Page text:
The estate cars (model designation S124) came in 5- or 7-seat models, the 7-seater having a rear-facing bench seat that folded flush luggage compartment cover and an optional (in the US until 1994) retractable cargo net. In the US 7-seat models were standard, 5-seat models were not available. The S124 estate continued in production alongside the new W210 until the S210 estate launched more than a year later. A two-door coupe version was also built, with the model designation C124.

Mercedes launched a cabriolet (convertible) version in Europe in 1991, the 320CE, later re-designated as the E320, later followed by the less powerful, but less expensive E220, and the E 200. Mercedes brought the E320 cabriolet (convertible) to the USA from 1993-1995. There were approximately 7 E36 right-hand drive cabriolets built to complement the also rare E36 coupe, saloon and estate. The E320 and E220 cabriolets ceased production in 1997. The cabriolets remain sought-after second hand vehicles, as one of the few full-size sports convertibles available.

The pre-facelift models from 1986 to 1993 used the model designations: 200/T (carburettor), 200E/TE, 230E/TE, 260E (saloon only), 300-24/TE-24 valve, 300E/TE, 400E (not in the UK), 420E (not in the UK) & 500E (LHD only in the UK). Diesels were the 200D/TD (not in the UK), 250D/TD & the 300D/TD. Facelift models produced from 1993 to 1995/6 used the model designations: E200, E220, E280, E320, E420 (not in the UK) & E500 (LHD only in the UK). In the UK post-facelift diesels were E250 Diesel (saloon only) and E300 Diesel (saloon & estate) models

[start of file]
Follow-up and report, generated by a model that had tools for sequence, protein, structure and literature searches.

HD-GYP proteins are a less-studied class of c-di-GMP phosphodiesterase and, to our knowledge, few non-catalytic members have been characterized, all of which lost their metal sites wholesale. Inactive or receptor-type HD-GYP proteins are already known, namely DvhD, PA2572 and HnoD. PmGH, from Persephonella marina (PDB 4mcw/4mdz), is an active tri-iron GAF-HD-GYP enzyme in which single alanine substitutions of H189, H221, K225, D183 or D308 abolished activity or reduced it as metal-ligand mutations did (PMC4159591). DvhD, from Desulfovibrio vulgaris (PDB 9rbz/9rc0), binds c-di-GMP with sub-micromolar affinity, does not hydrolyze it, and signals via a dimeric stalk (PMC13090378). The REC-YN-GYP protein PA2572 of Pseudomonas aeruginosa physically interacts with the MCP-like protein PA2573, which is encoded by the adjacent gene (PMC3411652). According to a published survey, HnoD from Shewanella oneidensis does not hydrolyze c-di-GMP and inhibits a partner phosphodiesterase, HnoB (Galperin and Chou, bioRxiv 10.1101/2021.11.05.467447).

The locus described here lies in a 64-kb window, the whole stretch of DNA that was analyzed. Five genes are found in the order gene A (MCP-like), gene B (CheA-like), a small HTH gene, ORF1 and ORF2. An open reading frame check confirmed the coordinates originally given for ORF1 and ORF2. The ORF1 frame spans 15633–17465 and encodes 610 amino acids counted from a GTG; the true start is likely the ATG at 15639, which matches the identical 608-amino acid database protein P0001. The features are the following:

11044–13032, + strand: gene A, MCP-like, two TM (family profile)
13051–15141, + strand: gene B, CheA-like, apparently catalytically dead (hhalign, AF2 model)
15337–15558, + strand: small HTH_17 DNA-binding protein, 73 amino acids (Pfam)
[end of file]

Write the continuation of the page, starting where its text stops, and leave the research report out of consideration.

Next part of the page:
SsangYong Motor Company of Korea licensed the W124 design and continues to produce a stretched version of the W124 as the Chairman, with a Ssangyong badge. It has a 2.9 m (110 in) wheelbase and 3.2 L Mercedes straight-6 M104 engine. Chairman currently has 2.3 L (M111), 2.8 L (M104), and 3.2 L (M104) engines in its product line-ups. SsangYong Chairman has developed a 3.6 L version of M104 engine recently for its high-end Chairman line up. The engine is called XGi360.

Sportline option

Mercedes-Benz offered an option called "Sportline" for the W124 and W201 chassis cars. This option was available in the North American market for the 1992-93 model year 190E 2.6, 1992-93 300E/300CE and 1993-95 E320/E320 Coupe. In the European market, however, the "Sportline" option was available for all body styles. The option package included sport seating (sedans, not coupes), wider wheels (7" rather than 6.5") and lower profile tyres (205/60 x 15 rather than 195/65 x 15), quick ratio steering, "Sportline" badges on the front wing moldings and gear knob, a slightly lowered ride height and a specially tuned suspension including shorter, stiffer springs, struts, anti-roll bars, and bushes

The suspension components of the Sportline package were available as an option on all cars, including estates, as Option 653 - Sports Chassis with 8-Hole light alloy rims

500 E